[Review] 'The Shrouded Isle' Brings Wickedly Enjoyable Cult Management to the Switch - Bloody Disgusting
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[Review] ‘The Shrouded Isle’ Brings Wickedly Enjoyable Cult Management to the Switch



Take control of a cult, and try to appease a Lovecraftian deity before the end of the world. Find out if it’s worth the hassle in The Shrouded Isle review for the Nintendo Switch.

Morality in games can bring up grim dilemmas, and most times they’ll be sure to wrench your heart and mind as you decide fates. In Kitfox Games’ The Shrouded Isle, morality is already out of the window from the start. It’s instead, all about how you manipulate those around you without getting any vengeful splashback. You have to kill and abuse just to simply do your job well. You’ve just got to make sure you don’t do too much or too little of either.

In this, the first console version of last year’s PC game, you’re placed as the head of a cult just three years from doomsday, The Shrouded Isle is a management sim far darker than most. Everything you do is about appeasing the God Chernobog from under the sea (yes, it’s got a Lovecraftian theme) in time for the end of the world, where presumably, you’ll be held in its tentacley embrace for all of eternity.

To do this, you have to manage five clans, setting them various tasks that facilitate the continuation of the cult’s existence via followers ignorance long enough to get an invite for that apocalyptic afterparty. Each season, you’ll pick an advisor (all procedurally-generated from a sizeable pool of traits) from each of the five clans to carry out the tasks. You can pick only three of the five advisors to do the work each month, and depending on their traits, they’ll either help or hinder the general mood of the cult’s village.

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Then, at the end of the season, you must sacrifice one of the advisors to Chernobog. The simple decision would surely be to chuck who you deem worst at their job into the gaping maw of an ancient deity, but while an advisor may have a negative effect in one way, their death may destabilize relations with their family, and ultimately, their clan, and if that happens? Well, you’re gonna be on the wrong end of a lynching. So here you have the tired old cliche of a  ‘decide who dies’ choice, but now it isn’t about justice, revenge, or morality. It’s basically so you keep your job and appease the behemoth beneath the waves for another season. The Shrouded Isle‘s heart is dark and uncaring, and that’s what makes it such a deliciously compelling game when it’s at its best.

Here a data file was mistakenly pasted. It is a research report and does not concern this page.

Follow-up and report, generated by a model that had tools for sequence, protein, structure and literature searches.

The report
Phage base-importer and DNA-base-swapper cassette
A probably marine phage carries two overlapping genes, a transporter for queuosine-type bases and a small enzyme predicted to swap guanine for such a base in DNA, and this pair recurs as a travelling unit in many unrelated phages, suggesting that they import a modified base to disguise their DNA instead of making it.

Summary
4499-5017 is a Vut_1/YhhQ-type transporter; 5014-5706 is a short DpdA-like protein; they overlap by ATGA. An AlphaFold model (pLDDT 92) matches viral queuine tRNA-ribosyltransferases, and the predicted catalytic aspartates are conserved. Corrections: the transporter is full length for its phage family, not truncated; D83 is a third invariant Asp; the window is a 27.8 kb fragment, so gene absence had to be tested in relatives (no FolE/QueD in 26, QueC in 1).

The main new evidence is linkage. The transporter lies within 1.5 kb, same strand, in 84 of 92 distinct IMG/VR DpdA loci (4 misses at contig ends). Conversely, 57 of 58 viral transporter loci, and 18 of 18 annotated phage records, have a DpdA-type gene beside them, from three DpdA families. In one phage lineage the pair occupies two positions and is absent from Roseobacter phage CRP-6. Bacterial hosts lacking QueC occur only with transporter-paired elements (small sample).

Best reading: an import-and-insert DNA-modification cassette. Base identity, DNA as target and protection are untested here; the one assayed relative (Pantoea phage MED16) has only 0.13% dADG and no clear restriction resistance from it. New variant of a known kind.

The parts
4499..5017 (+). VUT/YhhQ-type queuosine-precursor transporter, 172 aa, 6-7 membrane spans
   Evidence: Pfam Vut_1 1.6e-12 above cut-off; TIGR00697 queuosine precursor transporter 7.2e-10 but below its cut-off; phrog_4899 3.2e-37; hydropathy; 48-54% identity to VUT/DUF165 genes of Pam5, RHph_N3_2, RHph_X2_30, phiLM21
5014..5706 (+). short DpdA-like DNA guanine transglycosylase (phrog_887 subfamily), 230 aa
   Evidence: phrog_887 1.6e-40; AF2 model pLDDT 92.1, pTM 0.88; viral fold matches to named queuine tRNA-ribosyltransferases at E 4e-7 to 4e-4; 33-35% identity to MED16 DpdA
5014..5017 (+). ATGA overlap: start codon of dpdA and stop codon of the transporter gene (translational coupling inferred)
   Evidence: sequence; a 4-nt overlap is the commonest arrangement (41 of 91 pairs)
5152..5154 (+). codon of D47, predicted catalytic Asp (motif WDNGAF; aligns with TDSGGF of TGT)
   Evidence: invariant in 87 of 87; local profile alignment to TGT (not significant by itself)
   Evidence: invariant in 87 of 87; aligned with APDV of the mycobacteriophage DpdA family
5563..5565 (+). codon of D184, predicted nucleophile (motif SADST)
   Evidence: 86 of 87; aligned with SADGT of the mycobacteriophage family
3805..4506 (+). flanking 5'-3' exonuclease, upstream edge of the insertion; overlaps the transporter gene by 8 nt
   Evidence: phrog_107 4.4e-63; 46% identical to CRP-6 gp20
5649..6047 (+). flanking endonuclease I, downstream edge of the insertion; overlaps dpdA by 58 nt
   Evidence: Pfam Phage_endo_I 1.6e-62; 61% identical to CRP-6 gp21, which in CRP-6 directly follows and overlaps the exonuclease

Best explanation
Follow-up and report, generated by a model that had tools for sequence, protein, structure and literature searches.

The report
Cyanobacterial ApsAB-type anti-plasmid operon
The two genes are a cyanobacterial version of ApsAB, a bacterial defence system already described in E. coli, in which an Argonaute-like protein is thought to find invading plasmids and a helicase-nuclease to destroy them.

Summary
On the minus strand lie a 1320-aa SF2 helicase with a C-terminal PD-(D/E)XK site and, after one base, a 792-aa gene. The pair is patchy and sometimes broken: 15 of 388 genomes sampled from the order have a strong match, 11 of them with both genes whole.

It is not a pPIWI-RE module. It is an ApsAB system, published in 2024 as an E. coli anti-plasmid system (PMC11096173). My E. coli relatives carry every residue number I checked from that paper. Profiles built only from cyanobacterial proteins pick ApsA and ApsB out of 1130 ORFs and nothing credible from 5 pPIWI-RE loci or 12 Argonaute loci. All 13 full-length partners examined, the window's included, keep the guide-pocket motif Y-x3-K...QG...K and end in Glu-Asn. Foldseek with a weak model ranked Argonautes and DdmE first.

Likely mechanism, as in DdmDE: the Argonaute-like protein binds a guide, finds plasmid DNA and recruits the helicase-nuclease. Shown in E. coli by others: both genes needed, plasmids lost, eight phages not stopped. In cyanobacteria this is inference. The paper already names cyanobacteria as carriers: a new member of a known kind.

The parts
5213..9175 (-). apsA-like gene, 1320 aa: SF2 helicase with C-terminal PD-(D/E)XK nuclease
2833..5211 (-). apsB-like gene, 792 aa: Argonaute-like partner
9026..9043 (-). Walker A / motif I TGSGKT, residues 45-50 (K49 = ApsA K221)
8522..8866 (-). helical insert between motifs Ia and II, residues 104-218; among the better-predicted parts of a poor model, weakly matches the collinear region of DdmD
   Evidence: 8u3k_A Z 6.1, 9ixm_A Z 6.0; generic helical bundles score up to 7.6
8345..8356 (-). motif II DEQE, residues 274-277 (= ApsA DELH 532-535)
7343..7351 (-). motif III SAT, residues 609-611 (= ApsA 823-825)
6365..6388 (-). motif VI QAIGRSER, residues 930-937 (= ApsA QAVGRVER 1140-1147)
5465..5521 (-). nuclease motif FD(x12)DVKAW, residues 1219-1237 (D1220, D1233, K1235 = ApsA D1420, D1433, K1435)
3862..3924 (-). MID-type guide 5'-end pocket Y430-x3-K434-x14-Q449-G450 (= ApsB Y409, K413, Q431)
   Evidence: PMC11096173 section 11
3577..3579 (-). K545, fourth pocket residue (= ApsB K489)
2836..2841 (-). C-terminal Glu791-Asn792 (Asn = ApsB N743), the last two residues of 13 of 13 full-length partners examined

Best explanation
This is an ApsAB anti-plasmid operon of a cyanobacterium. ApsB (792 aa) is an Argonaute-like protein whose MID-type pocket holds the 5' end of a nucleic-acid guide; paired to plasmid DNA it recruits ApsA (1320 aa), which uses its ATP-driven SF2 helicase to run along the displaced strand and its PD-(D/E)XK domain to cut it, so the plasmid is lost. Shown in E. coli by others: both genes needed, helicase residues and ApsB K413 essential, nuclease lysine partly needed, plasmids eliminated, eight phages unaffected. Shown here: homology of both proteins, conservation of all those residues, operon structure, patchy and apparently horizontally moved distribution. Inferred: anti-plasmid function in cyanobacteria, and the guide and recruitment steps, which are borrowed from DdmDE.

The spanner in the works is that advisors can have vices, and those vices can affect the overall harmony of the cult if these advisors get delegated a job that contradicts it on any given month. You can either leave them out, possibly upsetting the elder of their clan, or pop them alongside other advisors who can nullify the harm their vices cause. There’s plenty of juggling to do in this respect, and it can be effective or it can do little more to mask an obvious issue than a pack of chewing gum and half a can of body spray does for an employee heading into work the morning after a binge of beer and cigarettes.

Procedural content works best when it has hilarious and/or unexpected results, and there’s a dark humor to some of the situations these traits and vices can bring up. Throw in the occasional suggestions from Chernobog itself to go after certain individuals, and there’s a perverse pleasure in seeing all your good intentions rapidly crumble.

The game’s decision making isn’t the only striking thing about it. The Shrouded Isle‘s monochromatic visual style is simple, yet so very effective. The sickly green-yellow hue feels in keeping with the atmosphere of the game, and it jazzes up the rather majestic menus, text, and map screens you pore over. You will be staring at a lot of text too. The Shrouded Isle is stats and information heavy, which certainly adds to building its randomized cast of characters into something a little more meaningful in a short space of time.

The only real downside to that (unless you’re averse to reading lots of text in games of course) is that in the Switch’s handheld mode, it’s really difficult to make out all the relevant details on such a relatively small screen. For a game that is reliant on you being able to read and understand everything, and on a console that thrives because of its portability, this is a big deal. Yes, you can still read it, but it’s not that easy, and it negates perhaps the best reason to pick the game up on Switch over PC.

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The Shrouded Isle also has a longevity issue despite its procedural nature. There’s a bit too much repetition far too soon. There’s still new situations and occurrences, but they begin to feel like a rarified treat after awhile. This is a game that is quite good at masking its limitations otherwise, but this is the one area that the mask gets peeled back.

I fully recommend The Shrouded Isle for anyone wanting an unconventional, horror-led take on the sim management genre. It really does go to some fucked up places if your imagination is willing to back up the writing. The caveat here is that it’s hard to recommend this Switch version if you’re planning on playing it on the go. It’s just about worth persevering with if that is your choice, but it’s an unfortunate oversight nonetheless.

The Shrouded Isle review code for Nintendo Switch provided by the publisher.

The Shrouded Isle is out now on Nintendo Switch and PC.



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